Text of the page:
But it was still shocking to learn from a report in the Washington Post that we are the fastest-warming county in the lower 48 states. With a temperature increase of 2.6 degrees Celsius since preindustrial times, our warming has already exceeded the 2 degrees Celsius threshold set by the Paris Climate agreement.
We have seen the catastrophic effects of a warming world in the fierce winds that whipped the Thomas and Woolsey fires out of control and we will not forget the suffering it caused our families and neighbors.
Then we learned from a new study from the National Oceanic and Atmospheric Administration that our coastal waters are acidifying at twice the global rate, threatening life in the ocean and with it our fishing industry. This is a lesser known effect of a changing climate.
The push for policies that will slow the catastrophic effects of climate change needs to begin everywhere and at once.
Ventura County must make a bold statement about climate with its General Plan Update. This is the document that sets the policies that drive all land use decisions for the next 20 years. Indeed, at a recent Board of Supervisors meeting dozens of speakers asked for more local policies that will help the county reduce emissions.
Climate First: Replacing Oil and Gas (CFROG) has analyzed the county’s General Plan draft with the help of nationally recognized air quality expert Dr. Steven Colome and the prestigious environmental law firm Shute, Mihaly & Weinberger, LLP.
While its goals are laudable, the county’s Climate Action Plan (CAP) fails to provide enough emissions reduction to meet the state-mandated climate goals. The plan is seriously incomplete and lacks the technical and scientific input needed.
Climate change is caused by fossil fuel production and consumption. The CAP addresses the consumption side by merely encouraging, but not requiring, electric fuel vehicles and clean power for homes and businesses. But Ventura County is the third largest oil and gas producing county in California. As such, we must do our part to reduce oil production through thoughtful, rigorous policy to phase it out. This is not addressed.
The county is accepting comments through February on the Environmental Impact Report that accompanies the update. To submit your comments, go to https://vcrma.org/vc2040.org/review. CFROG has a list of talking points to use at www.cfrog.org.
We have seen that our state's early, groundbreaking policies to reduce emissions have spread to other states, the nation and the world. Here in Ventura County, where the effects of climate change have become frighteningly real, we are motivated now more than ever.
A company named Real Estate Recovery Capital has purchased the controversial Petrochem property north of Ventura from its longtime owner. But the broad coalition of 13 organizations led by CFROG will keep right on vehemently insisting that this site in the gateway to the beautiful Ojai Valley be put to a use befitting its sensitive river habitat.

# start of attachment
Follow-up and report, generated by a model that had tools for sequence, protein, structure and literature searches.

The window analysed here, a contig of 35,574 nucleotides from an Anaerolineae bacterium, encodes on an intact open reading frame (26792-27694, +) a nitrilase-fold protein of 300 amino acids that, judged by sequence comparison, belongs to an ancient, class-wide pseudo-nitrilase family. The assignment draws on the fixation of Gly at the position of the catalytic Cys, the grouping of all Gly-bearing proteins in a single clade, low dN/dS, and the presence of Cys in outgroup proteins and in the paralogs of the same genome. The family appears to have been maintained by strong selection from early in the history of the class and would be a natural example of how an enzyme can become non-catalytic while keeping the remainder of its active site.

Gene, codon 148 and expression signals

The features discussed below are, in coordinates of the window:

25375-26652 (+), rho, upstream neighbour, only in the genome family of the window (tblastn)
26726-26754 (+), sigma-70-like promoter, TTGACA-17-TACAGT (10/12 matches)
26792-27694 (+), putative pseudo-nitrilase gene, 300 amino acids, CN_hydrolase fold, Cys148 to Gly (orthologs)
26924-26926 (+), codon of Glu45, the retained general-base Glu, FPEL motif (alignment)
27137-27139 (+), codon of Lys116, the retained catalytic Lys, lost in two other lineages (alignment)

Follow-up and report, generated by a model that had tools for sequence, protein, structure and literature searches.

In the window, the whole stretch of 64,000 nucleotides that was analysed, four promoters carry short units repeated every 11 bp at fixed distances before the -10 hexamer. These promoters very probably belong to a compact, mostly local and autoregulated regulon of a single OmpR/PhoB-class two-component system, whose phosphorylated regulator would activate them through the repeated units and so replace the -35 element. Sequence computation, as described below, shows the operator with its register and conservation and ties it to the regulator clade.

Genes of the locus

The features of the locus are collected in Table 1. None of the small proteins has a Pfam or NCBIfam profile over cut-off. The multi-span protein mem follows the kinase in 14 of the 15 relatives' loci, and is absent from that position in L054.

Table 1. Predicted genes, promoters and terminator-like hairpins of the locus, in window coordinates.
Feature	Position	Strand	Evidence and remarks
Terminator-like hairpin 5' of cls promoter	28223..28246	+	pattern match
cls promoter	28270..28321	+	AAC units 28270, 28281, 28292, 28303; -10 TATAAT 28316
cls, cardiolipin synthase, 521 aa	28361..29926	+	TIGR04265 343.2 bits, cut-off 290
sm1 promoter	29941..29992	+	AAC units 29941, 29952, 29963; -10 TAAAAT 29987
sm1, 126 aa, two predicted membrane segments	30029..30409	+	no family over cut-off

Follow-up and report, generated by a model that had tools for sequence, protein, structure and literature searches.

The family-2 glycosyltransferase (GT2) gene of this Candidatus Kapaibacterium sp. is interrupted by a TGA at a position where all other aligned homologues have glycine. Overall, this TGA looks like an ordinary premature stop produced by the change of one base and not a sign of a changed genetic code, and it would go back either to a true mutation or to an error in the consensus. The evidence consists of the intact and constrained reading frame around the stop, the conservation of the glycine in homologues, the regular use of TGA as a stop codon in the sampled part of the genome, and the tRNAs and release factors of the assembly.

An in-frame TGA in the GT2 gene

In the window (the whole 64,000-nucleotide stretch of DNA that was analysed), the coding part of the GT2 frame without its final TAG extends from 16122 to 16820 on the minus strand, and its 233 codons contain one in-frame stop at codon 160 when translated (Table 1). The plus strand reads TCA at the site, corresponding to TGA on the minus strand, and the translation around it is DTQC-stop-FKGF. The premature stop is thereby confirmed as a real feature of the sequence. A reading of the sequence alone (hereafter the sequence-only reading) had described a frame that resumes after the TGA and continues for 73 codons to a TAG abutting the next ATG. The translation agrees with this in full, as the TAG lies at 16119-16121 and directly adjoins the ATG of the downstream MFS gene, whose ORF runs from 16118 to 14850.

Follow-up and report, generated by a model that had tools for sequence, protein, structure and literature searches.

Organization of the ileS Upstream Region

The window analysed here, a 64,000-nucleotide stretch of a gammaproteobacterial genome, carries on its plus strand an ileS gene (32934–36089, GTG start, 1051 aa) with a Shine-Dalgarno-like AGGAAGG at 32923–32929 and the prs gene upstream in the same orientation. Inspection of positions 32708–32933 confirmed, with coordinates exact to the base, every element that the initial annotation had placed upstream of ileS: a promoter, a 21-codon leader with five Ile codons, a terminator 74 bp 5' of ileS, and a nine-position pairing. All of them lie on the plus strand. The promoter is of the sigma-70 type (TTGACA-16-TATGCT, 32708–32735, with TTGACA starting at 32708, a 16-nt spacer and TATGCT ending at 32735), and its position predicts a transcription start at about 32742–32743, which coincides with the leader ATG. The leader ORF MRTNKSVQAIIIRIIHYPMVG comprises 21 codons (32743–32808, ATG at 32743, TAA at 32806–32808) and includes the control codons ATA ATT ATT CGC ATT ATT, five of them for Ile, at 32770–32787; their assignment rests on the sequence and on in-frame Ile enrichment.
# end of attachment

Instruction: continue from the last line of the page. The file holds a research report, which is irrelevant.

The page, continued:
From its inception in the 1950s as a fertilizer manufacturer, to a later use as a refinery for crude oil which processed 20,000 barrels a day and stored hundreds of thousands more in tanks, the property has been controversial and harmful to nearby Ventura Avenue residents and the Ojai Valley airshed.
Activists, including CFROG and other community groups, packed a small conference room on Oct. 14 to protest the last owner's proposal for the site, an auto and contractor storage yard. Our group, the Petrochem Appeal Alliance (PAA), believes it is time for this ecologically sensitive area to move from polluting uses of the land to those which contribute to sustainable practices and preservation of this valuable natural area.
We are glad to see it change hands away from the original owner who allowed a highly polluting operation along the Ventura River.
The following organizations filed a joint appeal of the decision by the Ventura County Planning Director to approve a transportation and contractor services storage yard for the site:
Climate First: Replacing Oil and Gas
Environmental Coalition of Ventura County
Food and Water Action
Ventura Citizens for Hillside Preservation
Friends of the Ventura River
Ventura Land Trust
Wishtoyo Chumash Foundation
California Trout, Inc.
Sierra Club Los Padres Chapter
Westside Community Council
Showing Up for Racial Justice
Unitarian Universalist Church of Ventura
Central Coast Alliance for a Sustainable Economy (CAUSE)
CFROG will monitor proposals for this site and advocate for our residents.